Posted on | December 18, 2014 | No Comments
I’m sure everyone has heard the maxim, Youth is wasted on the young. When I was young that sounded silly. Now, in my 60’s it makes so much sense. Just when we think we finally understand how life works and how much more there is to learn we wonder where all the years have gone. That is the price of wisdom isn’t it? One must actually live through a variety of experiences in order to learn the meaning and purpose of what being human is about.
When someone asks me about my life and I begin my story I am often asked how I got through it all, especially since I traveled my hard times alone often with harsh judgment and abandonment by those I thought would always be around when tough times hit. I’ve learned that everyone has his/her limits of compassion and the ability to give. I’ve learned that is okay. My life is mine and only mine so no one has to give help just because I need it. That philosophy has saved me tons of grief. It has allowed me to move on in a positive, hopeful, and easier way. But that is not to say I have denied any honest disappointment or confusion about which way I had to go next or why trusted people seemed untrustworthy. I simply took out my pen and wrote it all out. I wrote about my emotions, my thoughts, my expectations, my wishes, my plans, my resources, and what I could do to create an open door for the next step. Was it easy? Heck no! Was it desirable? Heck no! Was it necessary? Only if I wanted to live a life without letting anger and disasters destroy me.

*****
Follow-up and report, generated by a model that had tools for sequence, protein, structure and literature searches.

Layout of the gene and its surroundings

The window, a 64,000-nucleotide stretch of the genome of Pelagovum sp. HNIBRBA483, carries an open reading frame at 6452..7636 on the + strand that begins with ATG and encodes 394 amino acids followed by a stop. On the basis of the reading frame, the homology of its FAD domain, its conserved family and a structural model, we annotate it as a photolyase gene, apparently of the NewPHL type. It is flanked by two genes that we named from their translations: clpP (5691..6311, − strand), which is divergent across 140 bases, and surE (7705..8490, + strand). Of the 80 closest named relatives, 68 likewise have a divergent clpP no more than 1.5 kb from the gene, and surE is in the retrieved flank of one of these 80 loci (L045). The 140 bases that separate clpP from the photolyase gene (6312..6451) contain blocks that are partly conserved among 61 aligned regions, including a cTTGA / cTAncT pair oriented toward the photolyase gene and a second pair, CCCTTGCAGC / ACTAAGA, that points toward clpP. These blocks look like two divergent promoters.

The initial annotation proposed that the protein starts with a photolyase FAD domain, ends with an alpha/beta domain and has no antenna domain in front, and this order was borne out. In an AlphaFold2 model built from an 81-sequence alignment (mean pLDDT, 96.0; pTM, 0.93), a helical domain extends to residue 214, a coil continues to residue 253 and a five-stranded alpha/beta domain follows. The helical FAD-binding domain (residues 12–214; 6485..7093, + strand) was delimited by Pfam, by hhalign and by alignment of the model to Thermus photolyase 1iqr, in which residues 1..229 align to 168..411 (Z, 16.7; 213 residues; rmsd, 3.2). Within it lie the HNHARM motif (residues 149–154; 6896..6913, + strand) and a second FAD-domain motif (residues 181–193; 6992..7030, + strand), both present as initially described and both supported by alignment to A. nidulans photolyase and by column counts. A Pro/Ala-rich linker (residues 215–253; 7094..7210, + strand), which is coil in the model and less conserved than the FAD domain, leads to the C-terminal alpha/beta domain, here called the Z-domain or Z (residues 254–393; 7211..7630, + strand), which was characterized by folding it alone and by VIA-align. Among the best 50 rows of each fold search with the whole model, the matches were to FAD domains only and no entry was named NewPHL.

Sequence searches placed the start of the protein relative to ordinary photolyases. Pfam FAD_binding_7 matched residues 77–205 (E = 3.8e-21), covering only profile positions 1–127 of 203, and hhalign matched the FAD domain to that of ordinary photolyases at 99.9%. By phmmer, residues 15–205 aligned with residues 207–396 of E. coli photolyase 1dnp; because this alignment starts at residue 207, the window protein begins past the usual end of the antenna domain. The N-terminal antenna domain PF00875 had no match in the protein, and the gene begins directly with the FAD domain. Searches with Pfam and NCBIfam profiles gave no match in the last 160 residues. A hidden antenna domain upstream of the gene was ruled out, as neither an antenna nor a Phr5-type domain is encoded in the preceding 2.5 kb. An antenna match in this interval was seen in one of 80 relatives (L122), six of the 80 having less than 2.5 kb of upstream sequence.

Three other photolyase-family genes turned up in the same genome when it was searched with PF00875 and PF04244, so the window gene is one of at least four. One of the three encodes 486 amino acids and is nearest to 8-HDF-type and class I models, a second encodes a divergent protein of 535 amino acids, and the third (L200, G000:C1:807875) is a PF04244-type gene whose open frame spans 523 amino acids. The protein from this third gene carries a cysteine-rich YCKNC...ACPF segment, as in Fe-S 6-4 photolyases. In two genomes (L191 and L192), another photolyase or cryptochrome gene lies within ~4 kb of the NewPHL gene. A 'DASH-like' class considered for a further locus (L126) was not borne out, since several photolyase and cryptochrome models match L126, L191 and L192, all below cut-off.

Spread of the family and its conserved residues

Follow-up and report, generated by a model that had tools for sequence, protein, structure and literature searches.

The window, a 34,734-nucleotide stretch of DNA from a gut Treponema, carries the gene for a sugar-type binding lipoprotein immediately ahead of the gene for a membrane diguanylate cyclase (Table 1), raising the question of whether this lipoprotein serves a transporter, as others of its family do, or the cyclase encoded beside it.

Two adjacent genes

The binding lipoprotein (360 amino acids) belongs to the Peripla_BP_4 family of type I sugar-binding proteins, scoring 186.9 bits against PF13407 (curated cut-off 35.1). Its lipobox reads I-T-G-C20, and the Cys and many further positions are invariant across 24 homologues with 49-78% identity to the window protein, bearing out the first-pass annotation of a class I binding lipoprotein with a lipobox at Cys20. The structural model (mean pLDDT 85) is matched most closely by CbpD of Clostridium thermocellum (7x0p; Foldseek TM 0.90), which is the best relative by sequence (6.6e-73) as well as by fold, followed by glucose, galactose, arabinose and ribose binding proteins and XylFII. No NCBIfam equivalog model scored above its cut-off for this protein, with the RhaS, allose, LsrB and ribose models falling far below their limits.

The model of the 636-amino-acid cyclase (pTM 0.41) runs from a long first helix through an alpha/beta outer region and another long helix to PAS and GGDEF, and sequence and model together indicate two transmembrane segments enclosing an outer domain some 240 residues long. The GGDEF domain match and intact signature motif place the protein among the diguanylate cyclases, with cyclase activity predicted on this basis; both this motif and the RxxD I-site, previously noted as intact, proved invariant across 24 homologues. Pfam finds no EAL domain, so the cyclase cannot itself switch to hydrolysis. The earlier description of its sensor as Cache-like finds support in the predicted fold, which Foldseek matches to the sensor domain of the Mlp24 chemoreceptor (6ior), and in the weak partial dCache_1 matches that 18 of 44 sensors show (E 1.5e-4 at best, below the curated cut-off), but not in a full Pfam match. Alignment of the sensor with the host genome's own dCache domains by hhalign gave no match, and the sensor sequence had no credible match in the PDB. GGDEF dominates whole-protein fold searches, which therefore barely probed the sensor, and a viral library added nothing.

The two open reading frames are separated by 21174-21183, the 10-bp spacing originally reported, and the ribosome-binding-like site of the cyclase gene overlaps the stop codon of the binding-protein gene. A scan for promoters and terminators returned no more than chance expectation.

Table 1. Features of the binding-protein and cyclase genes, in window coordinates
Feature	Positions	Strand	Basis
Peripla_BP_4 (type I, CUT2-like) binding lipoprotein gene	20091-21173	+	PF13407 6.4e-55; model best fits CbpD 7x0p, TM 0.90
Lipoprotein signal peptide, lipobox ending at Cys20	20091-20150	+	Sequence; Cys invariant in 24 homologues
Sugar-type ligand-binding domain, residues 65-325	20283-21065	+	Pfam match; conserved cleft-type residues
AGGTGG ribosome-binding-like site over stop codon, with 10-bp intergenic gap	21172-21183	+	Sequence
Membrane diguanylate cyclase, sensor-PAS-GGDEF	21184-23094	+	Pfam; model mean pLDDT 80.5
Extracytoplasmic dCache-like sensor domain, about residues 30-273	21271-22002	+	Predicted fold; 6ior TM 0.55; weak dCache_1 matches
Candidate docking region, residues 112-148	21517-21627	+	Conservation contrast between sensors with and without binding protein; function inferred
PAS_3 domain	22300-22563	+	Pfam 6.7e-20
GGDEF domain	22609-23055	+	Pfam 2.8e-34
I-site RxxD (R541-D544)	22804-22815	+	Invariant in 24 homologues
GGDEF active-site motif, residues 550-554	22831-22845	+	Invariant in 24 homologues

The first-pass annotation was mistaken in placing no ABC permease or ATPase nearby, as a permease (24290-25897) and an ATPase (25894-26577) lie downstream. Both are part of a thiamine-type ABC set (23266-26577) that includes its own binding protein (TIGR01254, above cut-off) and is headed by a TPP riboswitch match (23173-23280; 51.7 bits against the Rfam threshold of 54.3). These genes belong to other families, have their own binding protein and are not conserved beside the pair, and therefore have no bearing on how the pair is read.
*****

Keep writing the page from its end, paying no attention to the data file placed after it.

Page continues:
Claiming my life and its separateness from others put matters into perspective. I truly didn’t want anyone not interested in being supportive to walk a difficult path with me anyway. This was most difficult because we all need help when faced with tragedy and difficulties. I felt thrown into a position to face creating my life alone and I wasn’t happy about it. But it was a powerful way to find my unique inner voice and I had to become my own companion and allow my inner sense to direct me to do what I had to and go where I had to in order to take care of my health. Not all of this journey was desirable, in fact, in the last 15 years much of it was unwanted. Luckily, by writing my story day to day, whether in my journal or in books, articles, or poems for publication, I have witnessed the writing process save my life. I felt an inner power I didn’t fully feel before and it took over led me. As it turned out, that was better than the help I would have gotten from the people who turned away whose lives were a mess of their own.
I no longer keep my journals. I write and just as I cross days lived off my calendar, I shred my journals. I do not carry the past if there is a way to unload it except for the great wisdom I discovered. The price of wisdom is living difficult journeys, reflecting upon them, spending time knowing how your mind works so you can continue to create the life you want, and listening, listening intently to the power of the voice that lives within.
I recommend everyone write daily. Write for 30 minutes each day. Know your mind, face your emotions, study your actions, get the wisdom of what you really need to do for yourself because wisdom is all we use day to day when we need to make decisions and plans for the rest of our lives.
I wish all of you a wonderful holiday season and above all —
keep the pen moving.
CEO and Founder of About the Author Network